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When will we have perfect speakers?

Speakers make sound by moving air, but perfect sound reproduction may be a long way off in the future.

Steve Guttenberg

Dome tweeters, cone woofers, metal ribbons, planar magnetic and electrostatic panels all do the same thing: They vibrate air to make sound. Those technologies have all been around for decades, but the goal of making a perfect-sounding speaker has yet to materialize, so it's pretty easy to tell the difference between a real piano and the sound of a piano reproduced over speakers. Same for drums, acoustic guitars, basses, violins, flutes, horns and voices.

Electric instruments and synthesizers should be easier to reproduce in part because they don't make sound on their own; we always hear them over amplifiers and speakers. Even so, it's next to impossible to make your home hi-fi sound like a big Fender guitar amp.

Size is part of the problem; most people want the smallest possible speakers at home, so beyond the air-moving technology issues, the scale of the sound at home is smaller than the real thing. Your room's dimensions are also a lot smaller than concert halls and clubs, and your room's acoustics impose their own signature on the sound. So even if you had perfect speakers, they still wouldn't sound exactly like Radiohead in a studio or the New York Philharmonic at Lincoln Center. Your living room is too small to host the true sound of the band or orchestra.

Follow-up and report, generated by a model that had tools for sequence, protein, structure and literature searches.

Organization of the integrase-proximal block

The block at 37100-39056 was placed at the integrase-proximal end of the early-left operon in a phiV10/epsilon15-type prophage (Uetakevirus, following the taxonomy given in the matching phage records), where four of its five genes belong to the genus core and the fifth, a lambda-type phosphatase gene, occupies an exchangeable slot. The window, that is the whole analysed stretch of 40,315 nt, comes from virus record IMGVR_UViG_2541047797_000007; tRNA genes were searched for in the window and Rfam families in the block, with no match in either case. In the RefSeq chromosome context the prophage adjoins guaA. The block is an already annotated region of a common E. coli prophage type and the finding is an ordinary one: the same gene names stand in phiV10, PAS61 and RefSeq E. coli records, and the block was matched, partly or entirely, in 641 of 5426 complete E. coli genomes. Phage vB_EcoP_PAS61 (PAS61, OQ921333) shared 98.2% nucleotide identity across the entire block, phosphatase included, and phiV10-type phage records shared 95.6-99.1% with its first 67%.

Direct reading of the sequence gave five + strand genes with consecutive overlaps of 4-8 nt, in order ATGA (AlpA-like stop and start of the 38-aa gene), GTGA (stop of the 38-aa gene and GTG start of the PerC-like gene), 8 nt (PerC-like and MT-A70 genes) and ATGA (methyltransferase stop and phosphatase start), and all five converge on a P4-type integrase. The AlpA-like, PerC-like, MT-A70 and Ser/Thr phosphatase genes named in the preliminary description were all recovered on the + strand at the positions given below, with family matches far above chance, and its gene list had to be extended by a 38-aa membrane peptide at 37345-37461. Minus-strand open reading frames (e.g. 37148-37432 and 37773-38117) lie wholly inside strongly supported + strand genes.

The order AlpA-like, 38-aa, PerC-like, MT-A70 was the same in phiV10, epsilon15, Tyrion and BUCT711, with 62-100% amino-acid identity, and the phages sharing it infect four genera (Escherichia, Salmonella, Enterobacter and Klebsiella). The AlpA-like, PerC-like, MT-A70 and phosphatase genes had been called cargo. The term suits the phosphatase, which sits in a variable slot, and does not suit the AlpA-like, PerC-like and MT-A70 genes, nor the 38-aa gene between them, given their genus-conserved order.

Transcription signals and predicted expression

The other thing that's standing in the way of perfect sound is very imperfect recordings. It doesn't make any difference whether it's a MP3, FLAC, LP, CD, Blu-ray, SACD, DVD-A, or high-resolution download, because just about every rock, folk, country, hip-hop, world music or jazz album you ever heard was equalized, dynamically compressed, processed, overdubbed, multitracked and close-miked. There's not a lot of reality in the recordings, so no matter what, they can never sound realistic. That said, they can all sound a lot better; listen to a great high-end audio system to hear how good they can sound right now.

So I don't think a more accurate vibrating-membrane technology will elevate the sound to the point where recorded music sounds like the real thing. Better drivers will sound better than what we have now, but the day when the perfect speaker arrives, they will still have to figure out how to completely eliminate the listening room's reflections and acoustic problems. The third and final step will require perfect-sounding recordings, and only then will the music coming out of speakers sound exactly like the real thing. The way things are going, I think we'll have video that looks exactly like real life long before we have perfect sound reproduction at home.

What do you think? When will recorded music sound exactly like real instruments and human voices?